|Wangari Maathai was beaten by a mob after confronting private developers, but her initiative ensured 30m trees were planted in Africa - with the help of 900,000 women [EPA]
Millions mourn Wangari Maathai. She was Africa's first female Nobel laureate, passing away from ovarian cancer on September 25 in Nairobi, Kenya. Diagnosed with the disease a year before her passing, Maathai kept her illness a private matter. In what's rumoured to be her last public interview with Drum Magazine, a South African lifestyle monthly which has its roots in the apartheid era, Maathai casually remarked of her health, "I guess when you hit my age you start to slow down".
The gradual deterioration of her body may have forced Maathai to postpone the Drum interview several times "owing to hospital visits" and to cut back on public engagements, but it never stopped her believing that creating a better, greener world was possible. Buried as a national hero for her contribution to the fight to save the environment, Maathai will be honoured with posthumous titles and awards from esteemed institutions all over the world, but perhaps more meaningful work would be acts honouring her good work.
The life and times
Over her long career as an environmentalist, academic, activist and feminist, all in one, Maathai was repeatedly beaten, threatened with rape, imprisoned and harassed by a dictatorial Kenyan government which did not take kindly to freedom-loving female upstarts. Her 1992 demand that political prisoners be freed got her beaten into a coma and her offices ransacked and vandalised by state security.
In both the public national and private domestic spheres, Maathai suffered for not being a "good African woman". She was horribly divorced from a traditionally patriarchal husband and derided by an authoritarian masculinist government. As an African feminist, not the lazy cliche of a man-hating, bra-burning White middle-class woman in the West, her lived experience enabled her to better understand the emancipatory potential women could have as empowered actors in African politics and in preserving the environment.
Born after the beginning of the Second World War in 1940, Maathai was educated in the US on goodwill programmes such as the Kennedy Airlift, a scholarship for Kenyans, similarly awarded to Barack Obama's father to read for his PhD at Harvard. After her return from the US, Maathai earned a doctorate in veterinary anatomy and a teaching position at the University of Nairobi.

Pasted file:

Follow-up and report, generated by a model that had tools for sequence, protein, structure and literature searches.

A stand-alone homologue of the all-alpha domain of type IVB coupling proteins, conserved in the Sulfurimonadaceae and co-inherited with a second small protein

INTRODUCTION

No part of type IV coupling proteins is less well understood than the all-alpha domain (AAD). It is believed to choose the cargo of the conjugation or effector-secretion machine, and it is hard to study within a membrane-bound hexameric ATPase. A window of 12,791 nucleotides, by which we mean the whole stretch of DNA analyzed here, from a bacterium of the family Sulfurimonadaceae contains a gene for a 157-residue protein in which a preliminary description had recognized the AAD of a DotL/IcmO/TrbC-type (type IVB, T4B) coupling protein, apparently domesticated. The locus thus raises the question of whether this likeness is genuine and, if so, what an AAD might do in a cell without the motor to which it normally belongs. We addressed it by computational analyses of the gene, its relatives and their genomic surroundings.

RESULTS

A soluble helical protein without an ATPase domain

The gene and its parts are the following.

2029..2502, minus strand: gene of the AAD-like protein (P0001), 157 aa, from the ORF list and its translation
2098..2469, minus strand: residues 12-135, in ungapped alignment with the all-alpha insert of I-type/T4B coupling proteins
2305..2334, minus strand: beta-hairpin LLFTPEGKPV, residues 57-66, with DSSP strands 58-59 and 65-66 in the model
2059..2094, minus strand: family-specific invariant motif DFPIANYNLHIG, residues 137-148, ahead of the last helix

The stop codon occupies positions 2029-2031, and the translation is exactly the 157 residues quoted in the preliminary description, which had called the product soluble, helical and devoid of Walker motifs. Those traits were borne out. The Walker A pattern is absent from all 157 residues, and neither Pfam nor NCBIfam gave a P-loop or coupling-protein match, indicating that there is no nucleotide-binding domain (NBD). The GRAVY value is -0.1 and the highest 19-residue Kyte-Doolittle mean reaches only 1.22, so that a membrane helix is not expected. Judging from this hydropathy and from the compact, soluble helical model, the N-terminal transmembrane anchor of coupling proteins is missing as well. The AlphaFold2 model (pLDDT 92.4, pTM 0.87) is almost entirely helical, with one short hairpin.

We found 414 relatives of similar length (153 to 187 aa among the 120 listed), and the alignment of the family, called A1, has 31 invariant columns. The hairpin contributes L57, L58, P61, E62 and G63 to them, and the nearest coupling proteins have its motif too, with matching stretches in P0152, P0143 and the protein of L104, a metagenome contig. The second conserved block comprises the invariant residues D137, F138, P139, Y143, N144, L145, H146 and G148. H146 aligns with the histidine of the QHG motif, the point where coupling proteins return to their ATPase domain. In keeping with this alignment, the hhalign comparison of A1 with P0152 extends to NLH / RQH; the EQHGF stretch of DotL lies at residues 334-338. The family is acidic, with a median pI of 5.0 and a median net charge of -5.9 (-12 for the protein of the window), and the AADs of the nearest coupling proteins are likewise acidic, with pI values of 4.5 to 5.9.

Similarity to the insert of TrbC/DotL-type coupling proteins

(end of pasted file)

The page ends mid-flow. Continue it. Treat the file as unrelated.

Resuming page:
In 1977 she founded the Green Belt Movement, an organisation that aimed to help Kenyan women plant trees to fight off the advancing barren, dry sands of the Sahara. With the help of donors, Green Belt paid rural women two cents to plant a tree indigenous to the region which could survive a semi-arid savannah climate on little water - rather than exotic, luscious trees that would suck up all the reserves. To date, with the help of 900,000 women, Green Belt has planted an estimated 30m trees in Africa.
What do women planting trees have to do with peace?
For her efforts to preserve the earth and peace, Maathai was awarded the Nobel Prize. Respected Norwegian personalities who objected to her award felt Maathai's work was strictly environmental, not political. At a time when white phosphorus rained over Iraq, Israeli mortars shelled homes in Gaza and Sudan's warlords violently wrestled for control of Darfur, the award, it was argued, should have gone to a more easily recognisable peace activist. Critics didn't get that the work of planting trees was essentially political work.
The people living in Iraq, Gaza and the Darfur region lived under different kinds of modern conflict and occupation, all of which were and are linked to a struggle for natural resources - be it for oil, raw minerals or historical claims to land. In encouraging people to plant trees, Maathai helped to give ordinary women a sense of ownership and responsibility in protecting the land; a pawn male political leaders have often used in wars to exert their territorial and military might.